Aftermath of World War II

On 7 March 1945, the provisional government of the Democratic Federal Yugoslavia (Demokratska Federativna Jugoslavija, DFY) was assembled in Belgrade by Josip Broz Tito, while the provisional name allowed for either a republic or monarchy. This government was headed by Tito as provisional Yugoslav Prime Minister and included representatives from the royalist government-in-exile, among others Ivan Šubašić. In accordance with the agreement between resistance leaders and the government-in-exile, post-war elections were held to determine the form of government. In November 1945, Tito's pro-republican People's Front, led by the Communist Party of Yugoslavia, won the elections with an overwhelming majority, the vote having been boycotted by monarchists.[49] During the period, Tito evidently enjoyed massive popular support due to being generally viewed by the populace as the liberator of Yugoslavia.[50] The Yugoslav administration in the immediate post-war period managed to unite a country that had been severely affected by ultra-nationalist upheavals and war devastation, while successfully suppressing the nationalist sentiments of the various nations in favor of tolerance, and the common Yugoslav goal. After the overwhelming electoral victory, Tito was confirmed as the Prime Minister and the Minister of Foreign Affairs of the DFY. The country was soon renamed the Federal People's Republic of Yugoslavia (FPRY) (later finally renamed into Socialist Federal Republic of Yugoslavia, SFRY). On 29 November 1945, King Peter II was formally deposed by the Yugoslav Constituent Assembly. The Assembly drafted a new republican constitution soon afterwards.

Yugoslavia organized the Yugoslav People's Army (Jugoslavenska narodna armija, or JNA) from the Partisan movement and became the fourth strongest army in Europe at the time.[51] The State Security Administration (Uprava državne bezbednosti/sigurnosti/varnosti, UDBA) was also formed as the new secret police, along with a security agency, the Department of People's Security (Organ Zaštite Naroda (Armije), OZNA). Yugoslav intelligence was charged with imprisoning and bringing to trial large numbers of Nazi collaborators; controversially, this included Catholic clergymen due to the widespread involvement of Croatian Catholic clergy with the Ustaša regime. Draža Mihailović was found guilty of collaboration, high treason and war crimes and was subsequently executed by firing squad in July 1946.

Prime Minister Josip Broz Tito met with the president of the Bishops' Conference of Yugoslavia, Aloysius Stepinac on 4 June 1945, two days after his release from imprisonment. The two could not reach an agreement on the state of the Catholic Church. Under Stepinac's leadership, the bishops' conference released a letter condemning alleged Partisan war crimes in September, 1945. The following year Stepinac was arrested and put on trial. In October 1946, in its first special session for 75 years, the Vatican excommunicated Tito and the Yugoslav government for sentencing Stepinac to 16 years in prison on charges of assisting Ustaše terror and of supporting forced conversions of Serbs to Catholicism.[52] Stepinac received preferential treatment in recognition of his status[53] and the sentence was soon shortened and reduced to house-arrest, with the option of emigration open to the archbishop. At the conclusion of the "Informbiro period", reforms rendered Yugoslavia considerably more religiously liberal than the Eastern Bloc states.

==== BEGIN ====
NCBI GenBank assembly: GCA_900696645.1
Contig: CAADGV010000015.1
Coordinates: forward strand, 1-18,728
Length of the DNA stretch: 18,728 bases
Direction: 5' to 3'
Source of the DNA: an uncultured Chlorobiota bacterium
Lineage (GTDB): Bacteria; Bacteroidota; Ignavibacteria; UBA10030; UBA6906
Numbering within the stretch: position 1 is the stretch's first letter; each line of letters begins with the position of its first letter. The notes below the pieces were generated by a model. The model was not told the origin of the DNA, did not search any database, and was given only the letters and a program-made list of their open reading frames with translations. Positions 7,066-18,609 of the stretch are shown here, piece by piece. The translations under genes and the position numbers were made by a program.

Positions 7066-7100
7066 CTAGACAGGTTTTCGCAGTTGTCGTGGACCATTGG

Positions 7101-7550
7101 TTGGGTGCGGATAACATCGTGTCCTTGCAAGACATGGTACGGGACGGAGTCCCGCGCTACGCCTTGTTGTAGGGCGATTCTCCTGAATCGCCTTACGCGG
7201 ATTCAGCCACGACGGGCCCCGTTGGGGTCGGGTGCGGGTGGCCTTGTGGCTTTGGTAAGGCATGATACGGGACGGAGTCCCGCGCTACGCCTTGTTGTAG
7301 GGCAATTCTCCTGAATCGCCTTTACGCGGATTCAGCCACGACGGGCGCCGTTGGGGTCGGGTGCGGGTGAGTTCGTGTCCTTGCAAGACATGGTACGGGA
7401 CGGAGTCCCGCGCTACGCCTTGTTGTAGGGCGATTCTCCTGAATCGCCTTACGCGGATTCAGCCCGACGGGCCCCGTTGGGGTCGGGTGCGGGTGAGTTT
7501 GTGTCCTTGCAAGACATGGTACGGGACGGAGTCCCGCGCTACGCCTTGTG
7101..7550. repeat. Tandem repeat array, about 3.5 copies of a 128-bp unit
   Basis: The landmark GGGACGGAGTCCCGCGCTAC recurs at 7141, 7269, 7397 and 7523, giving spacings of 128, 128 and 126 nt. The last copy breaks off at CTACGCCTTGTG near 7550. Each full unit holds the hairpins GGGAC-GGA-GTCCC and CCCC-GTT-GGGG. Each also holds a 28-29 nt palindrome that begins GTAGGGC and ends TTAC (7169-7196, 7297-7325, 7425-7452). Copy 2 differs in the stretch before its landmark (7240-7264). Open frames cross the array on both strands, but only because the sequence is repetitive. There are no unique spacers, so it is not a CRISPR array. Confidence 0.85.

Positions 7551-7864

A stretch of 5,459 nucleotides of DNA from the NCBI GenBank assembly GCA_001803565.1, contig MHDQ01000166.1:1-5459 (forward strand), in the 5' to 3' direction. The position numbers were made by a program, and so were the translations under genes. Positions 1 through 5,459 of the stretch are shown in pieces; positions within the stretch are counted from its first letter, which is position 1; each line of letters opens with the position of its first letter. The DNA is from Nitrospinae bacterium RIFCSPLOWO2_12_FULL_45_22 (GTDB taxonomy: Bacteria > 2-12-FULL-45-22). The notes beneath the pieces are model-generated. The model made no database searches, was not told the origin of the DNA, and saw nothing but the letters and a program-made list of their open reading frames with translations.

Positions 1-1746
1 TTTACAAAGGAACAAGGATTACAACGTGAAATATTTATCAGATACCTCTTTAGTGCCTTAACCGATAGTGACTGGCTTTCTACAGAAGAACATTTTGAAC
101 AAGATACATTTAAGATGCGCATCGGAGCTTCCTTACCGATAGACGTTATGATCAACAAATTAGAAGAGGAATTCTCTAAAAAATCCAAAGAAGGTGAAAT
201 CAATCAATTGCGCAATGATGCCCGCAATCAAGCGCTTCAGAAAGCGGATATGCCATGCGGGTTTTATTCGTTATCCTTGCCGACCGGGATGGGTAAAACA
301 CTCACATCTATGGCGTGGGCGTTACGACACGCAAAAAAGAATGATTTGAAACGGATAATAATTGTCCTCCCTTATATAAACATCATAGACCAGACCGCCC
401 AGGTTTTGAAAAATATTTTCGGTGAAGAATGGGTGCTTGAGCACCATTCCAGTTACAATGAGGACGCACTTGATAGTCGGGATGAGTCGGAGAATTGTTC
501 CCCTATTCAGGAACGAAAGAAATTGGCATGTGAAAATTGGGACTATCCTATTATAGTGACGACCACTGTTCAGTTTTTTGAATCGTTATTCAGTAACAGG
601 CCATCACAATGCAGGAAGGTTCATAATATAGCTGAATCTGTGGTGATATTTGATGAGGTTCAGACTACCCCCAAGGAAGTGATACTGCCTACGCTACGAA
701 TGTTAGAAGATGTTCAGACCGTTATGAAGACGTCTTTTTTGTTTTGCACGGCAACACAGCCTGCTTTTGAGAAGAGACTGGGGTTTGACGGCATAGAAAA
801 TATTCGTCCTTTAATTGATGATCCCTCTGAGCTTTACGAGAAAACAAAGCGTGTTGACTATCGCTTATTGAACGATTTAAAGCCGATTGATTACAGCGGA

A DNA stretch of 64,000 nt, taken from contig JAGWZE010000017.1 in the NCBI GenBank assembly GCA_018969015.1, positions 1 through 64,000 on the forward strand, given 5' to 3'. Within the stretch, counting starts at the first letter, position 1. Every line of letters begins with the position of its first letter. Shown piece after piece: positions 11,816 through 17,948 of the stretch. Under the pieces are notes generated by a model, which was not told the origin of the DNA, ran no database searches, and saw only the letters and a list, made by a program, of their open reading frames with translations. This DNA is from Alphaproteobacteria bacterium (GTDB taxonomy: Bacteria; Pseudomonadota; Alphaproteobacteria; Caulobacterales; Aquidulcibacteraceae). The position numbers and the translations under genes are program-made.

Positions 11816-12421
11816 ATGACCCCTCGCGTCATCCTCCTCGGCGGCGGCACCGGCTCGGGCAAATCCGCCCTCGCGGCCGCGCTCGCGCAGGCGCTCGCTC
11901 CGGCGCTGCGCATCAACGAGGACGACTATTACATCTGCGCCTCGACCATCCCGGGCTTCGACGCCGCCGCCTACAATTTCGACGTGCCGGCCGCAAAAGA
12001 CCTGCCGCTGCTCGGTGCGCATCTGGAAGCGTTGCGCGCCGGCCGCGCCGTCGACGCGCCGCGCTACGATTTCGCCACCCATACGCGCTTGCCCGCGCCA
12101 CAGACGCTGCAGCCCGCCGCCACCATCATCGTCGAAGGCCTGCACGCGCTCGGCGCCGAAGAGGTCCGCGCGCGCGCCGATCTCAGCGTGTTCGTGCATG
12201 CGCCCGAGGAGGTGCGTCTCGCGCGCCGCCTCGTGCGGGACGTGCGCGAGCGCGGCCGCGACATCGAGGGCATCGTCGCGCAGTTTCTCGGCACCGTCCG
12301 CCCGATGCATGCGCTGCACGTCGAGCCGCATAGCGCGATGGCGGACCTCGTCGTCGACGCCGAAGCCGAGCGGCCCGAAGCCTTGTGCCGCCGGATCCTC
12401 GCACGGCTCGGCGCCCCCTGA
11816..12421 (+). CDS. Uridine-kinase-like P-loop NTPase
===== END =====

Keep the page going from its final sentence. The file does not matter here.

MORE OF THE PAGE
In the first post war years Tito was widely considered a communist leader very loyal to Moscow, indeed, he was often viewed as second only to Stalin in the Eastern Bloc. Yugoslav forces shot down American aircraft flying over Yugoslav territory, and relations with the West were strained. In fact, Stalin and Tito had an uneasy alliance from the start, with Stalin considering Tito too independent.

President of Yugoslavia

Tito–Stalin split

Prime Minister Josip Broz Tito greeted by British Prime Minister Winston Churchill and Anthony Eden in London, 1950.

Unlike the other new communist states in east-central Europe, Yugoslavia liberated itself from Axis domination with limited direct support from the Red Army. Tito's leading role in liberating Yugoslavia not only greatly strengthened his position in his party and among the Yugoslav people, but also caused him to be more insistent that Yugoslavia had more room to follow its own interests than other Bloc leaders who had more reasons (and pressures) to recognize Soviet efforts in helping them liberate their own countries from Axis control. This had already led to some friction between the two countries before World War II was even over. Although Tito was formally an ally of Stalin after World War II, the Soviets had set up a spy ring in the Yugoslav party as early as 1945, giving way to an uneasy alliance.